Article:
On our previous visits, Elder Skye and I had sat on the only two chairs while Isabela and her children crowded the beds. In their rapt attention to the discussions, they didn’t notice how uncomfortable I was in those meager surroundings. That uneasiness, however, was nothing compared to the alarm I felt when Elder Skye accepted the invitation to actually eat in their home. Twenty-four anxious hours later, as we headed down her street, I was so afraid my stomach hurt.
As we approached the house, the little boy watching the street ran inside to let Isabela know we were coming. At the open gate, we paused and Elder Skye clapped his hands, bringing the boy flying out again to take us both by the hand and laugh, “Pasen, pasen no mas!” “Come in, just come in!” Elder Skye laughed with him as he tugged us across the flat stepping-stones dropped in the mud, and I looked around the courtyard and remembered that the elders in the mission home had said the water in Montero had amoebas.
At the door to the kitchen, we paused to kick the clods from our boots. In the middle of the room Isabela and her sons and daughters stood around a table set with only two places. With a guilty feeling, I realized she had never doubted we would come.
“Pasen, sientense.” “Come in, sit down.”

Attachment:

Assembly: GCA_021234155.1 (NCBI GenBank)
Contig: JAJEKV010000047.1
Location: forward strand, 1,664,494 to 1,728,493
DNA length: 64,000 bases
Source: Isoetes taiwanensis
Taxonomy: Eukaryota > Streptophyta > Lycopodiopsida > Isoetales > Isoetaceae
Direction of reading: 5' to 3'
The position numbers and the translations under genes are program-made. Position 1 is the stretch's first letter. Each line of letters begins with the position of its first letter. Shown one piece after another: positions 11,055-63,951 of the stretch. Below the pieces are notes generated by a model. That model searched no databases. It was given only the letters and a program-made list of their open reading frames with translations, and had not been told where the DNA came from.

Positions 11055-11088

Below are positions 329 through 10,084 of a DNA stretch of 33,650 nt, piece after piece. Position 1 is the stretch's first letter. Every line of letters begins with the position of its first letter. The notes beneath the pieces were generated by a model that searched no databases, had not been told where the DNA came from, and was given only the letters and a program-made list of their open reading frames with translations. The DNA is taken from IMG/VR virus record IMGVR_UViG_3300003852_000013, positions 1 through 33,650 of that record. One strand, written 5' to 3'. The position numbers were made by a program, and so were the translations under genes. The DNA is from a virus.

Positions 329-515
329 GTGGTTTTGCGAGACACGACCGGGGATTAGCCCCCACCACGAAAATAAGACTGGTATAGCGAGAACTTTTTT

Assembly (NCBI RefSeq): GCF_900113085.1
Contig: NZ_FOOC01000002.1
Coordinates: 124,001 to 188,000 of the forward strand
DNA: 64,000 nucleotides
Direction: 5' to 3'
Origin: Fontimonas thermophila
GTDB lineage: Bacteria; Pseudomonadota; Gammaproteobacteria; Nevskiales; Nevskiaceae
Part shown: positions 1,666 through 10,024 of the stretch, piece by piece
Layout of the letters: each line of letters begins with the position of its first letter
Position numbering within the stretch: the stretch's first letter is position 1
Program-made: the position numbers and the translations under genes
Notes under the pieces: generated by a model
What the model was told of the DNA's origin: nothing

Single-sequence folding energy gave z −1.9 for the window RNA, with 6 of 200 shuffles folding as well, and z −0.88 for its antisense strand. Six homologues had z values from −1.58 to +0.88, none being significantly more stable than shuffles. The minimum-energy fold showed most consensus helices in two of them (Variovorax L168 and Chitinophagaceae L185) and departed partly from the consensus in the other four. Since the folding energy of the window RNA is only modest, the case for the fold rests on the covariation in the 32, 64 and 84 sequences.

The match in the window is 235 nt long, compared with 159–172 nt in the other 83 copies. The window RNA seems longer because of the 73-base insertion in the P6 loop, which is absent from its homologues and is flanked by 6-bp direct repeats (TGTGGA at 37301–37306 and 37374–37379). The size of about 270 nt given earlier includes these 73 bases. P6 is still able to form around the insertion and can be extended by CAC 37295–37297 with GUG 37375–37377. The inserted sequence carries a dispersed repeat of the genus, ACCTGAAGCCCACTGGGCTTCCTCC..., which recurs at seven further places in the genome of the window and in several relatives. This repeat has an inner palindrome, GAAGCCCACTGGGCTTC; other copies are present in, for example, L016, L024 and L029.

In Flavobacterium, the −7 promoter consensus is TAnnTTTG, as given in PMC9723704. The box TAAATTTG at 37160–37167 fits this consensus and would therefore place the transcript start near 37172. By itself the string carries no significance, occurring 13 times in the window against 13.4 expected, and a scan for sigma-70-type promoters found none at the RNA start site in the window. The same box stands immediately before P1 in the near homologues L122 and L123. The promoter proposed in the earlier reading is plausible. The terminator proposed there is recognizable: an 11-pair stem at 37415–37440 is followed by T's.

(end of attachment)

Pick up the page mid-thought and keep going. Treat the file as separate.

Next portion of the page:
With simple grace, Isabela offered us her two chairs, her smile showing her pleasure that we had come to eat at her table. Isabela was a short, quiet woman with the harshness of Bolivian widowhood etched in her face, her sinewy arms, and her strong brown hands. Nevertheless, there was beauty in the dignity, strength, and kindness evident in the features inherited from her Inca ancestors.
Once we were seated, the children clustered around the table, their smiles flashing in their dark faces. They joked with Elder Skye and laughed when I didn’t understand the Quechua words they mingled with their Spanish. Coming back from the stove, Isabela shooed them away and set a steaming bowl of gray mush before each of us. With the poetic phrasing of her Kolla people, she told us, “He esperado su buenallegada con trigo.” “I have awaited your good arrival with wheat.” Then, while our sweat dripped onto her table, she asked us to forgive her for not having anything better to offer.
I almost trembled as I looked at that bowl of boiled wheat. But then a strange thing happened. As Elder Skye offered a blessing and I sat with my eyes closed, another voice replaced his in my mind. “I have awaited your good arrival with wheat.” Amidst all the jumbled images of the past seven days, those words were something I finally understood. I realized how much that gruel meant to the family, and that they would wait until we left to share what remained in the pot. When Elder Skye finished, I stared at my bowl for a long time, and then, with a look at Isabela’s smile, I ate the wheat.
In the months that followed that meal, I learned to love Bolivia and its food. I ate chicharrón and picante, and not only survived, but thrived. I also grew to love the people I met, and again and again during my stay there, I experienced through them the joy the gospel brings to those who embrace it. Isabela’s act of Christ-like love helped me to put aside my own cares and serve others, and I never forgot the words that were so sweet and delicious to a lonely and discouraged soul.